The Winners Curse Page 35

Arin\s belief was cruel. Yet she said nothing to change it. If he knew the true conditions of the emperor\s offer, he would never accept it.

’’As pleasant as it would be to discuss the details of my upcoming wedding,’’ she said, ’’more important matters are at hand. The emperor has a message for you.’’

Arin\s eyes had darkened. His tone was biting. ’’Message?’’

’’Freedom, for you and your people. He appoints you governor. You are, of course, to swear loyalty to the emperor, receive his emissaries, and answer to him. But unless a matter doesn\ directly concern the empire, you may govern your people as you see fit.’’ Kestrel handed him a sheet of paper. ’’A list of Herran\s expected taxes and tributes, to be paid for the honor of being part of the empire.’’

Arin crumpled it in his fist. ’’This is a trick.’’

’’Surrender now, and accept his generous proposal, or surrender soon, when my father breaks down your wall, and see the end of the Herrani people. It could be a trick, but you will choose it.’’

’’Why would the emperor do this?’’

Kestrel hesitated. ’’Why?’’

’’If real, it is a generous offer. And it makes no sense.’’

’’I advise you not to question the emperor\s wisdom. If you see a good opportunity, take it.’’ Kestrel swept a hand to indicate her finery: the white furs, the gold, the jewels. ’’I certainly did.’’

There was an awful tension in Arin, one that reminded Kestrel of his childhood violin. He had been strung too hard for far too long. When he finally spoke, his reply came in a low growl. ’’I agree.’’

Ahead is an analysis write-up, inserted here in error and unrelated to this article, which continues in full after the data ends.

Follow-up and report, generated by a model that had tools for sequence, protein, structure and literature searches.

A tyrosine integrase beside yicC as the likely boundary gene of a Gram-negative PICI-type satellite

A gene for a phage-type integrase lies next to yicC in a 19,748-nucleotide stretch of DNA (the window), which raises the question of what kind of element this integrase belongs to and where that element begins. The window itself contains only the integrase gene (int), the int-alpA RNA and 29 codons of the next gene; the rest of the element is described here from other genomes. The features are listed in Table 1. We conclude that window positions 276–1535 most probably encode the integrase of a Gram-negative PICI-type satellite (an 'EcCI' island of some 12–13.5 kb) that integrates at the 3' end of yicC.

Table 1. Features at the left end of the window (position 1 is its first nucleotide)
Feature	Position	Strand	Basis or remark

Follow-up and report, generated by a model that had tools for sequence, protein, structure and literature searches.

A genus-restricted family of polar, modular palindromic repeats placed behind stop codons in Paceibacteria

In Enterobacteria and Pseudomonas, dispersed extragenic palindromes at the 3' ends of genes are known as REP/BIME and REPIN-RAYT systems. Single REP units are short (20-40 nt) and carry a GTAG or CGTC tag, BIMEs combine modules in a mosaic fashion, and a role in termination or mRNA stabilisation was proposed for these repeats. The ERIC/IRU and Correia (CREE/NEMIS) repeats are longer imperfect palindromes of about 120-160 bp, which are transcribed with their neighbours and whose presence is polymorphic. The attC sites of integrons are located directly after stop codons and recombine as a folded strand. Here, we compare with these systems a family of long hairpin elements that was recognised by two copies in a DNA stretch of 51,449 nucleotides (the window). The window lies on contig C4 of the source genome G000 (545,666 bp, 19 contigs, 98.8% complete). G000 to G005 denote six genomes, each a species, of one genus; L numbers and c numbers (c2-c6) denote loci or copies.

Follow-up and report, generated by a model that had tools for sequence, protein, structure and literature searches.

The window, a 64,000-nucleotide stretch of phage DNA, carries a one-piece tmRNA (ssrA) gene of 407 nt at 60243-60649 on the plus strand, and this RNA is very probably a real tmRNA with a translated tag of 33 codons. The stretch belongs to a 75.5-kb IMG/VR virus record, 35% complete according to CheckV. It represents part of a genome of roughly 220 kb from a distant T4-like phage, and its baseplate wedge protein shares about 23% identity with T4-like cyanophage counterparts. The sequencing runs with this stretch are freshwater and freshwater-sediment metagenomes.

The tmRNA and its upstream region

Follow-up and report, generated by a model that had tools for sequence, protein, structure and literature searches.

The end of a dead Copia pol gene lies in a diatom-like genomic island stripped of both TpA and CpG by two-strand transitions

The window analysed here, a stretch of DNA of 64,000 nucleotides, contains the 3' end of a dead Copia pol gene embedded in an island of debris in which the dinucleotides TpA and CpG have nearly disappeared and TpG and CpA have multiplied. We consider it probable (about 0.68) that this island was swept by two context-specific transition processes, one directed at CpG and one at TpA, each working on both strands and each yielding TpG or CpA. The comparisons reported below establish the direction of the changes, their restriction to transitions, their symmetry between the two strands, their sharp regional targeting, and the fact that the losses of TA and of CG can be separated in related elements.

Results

’’Then give orders to open the gate. My father will enter and escort all Valorians in your city back to the capital.’’

’’I agree,’’ Arin said, ’’under one condition. You mentioned emissaries. There will be one emissary from the empire. It will be you.’’


’’You, I understand. You, I know how to read.’’

Kestrel wasn\ so sure of that. ’’I think that will be acceptable,’’ she said, and wanted to turn away from how much she wanted this condition. How she would seize any chance to see him, even with the purpose of enforcing the emperor\s will.

Since she could not turn away from her own wanting, she turned away from him.

’’Please don\ do this,’’ he said. ’’Kestrel, you don\ know. You don\ understand.’’

’’I see things quite clearly.’’ She began to walk to meet her father, in whose eyes she had, at last, done something to make him proud.

’’You don\ ,’’ Arin said.

She pretended not to hear him. She watched the white sky dissolve into snow and shiver apart over the leaden sea. She felt icy sparks on her skin. The snow fell on her, it fell on him, but Kestrel knew that no single flake could ever touch them both.

She didn\ look back when he spoke again.

’’You don\ , Kestrel, even though the god of lies loves you.’’

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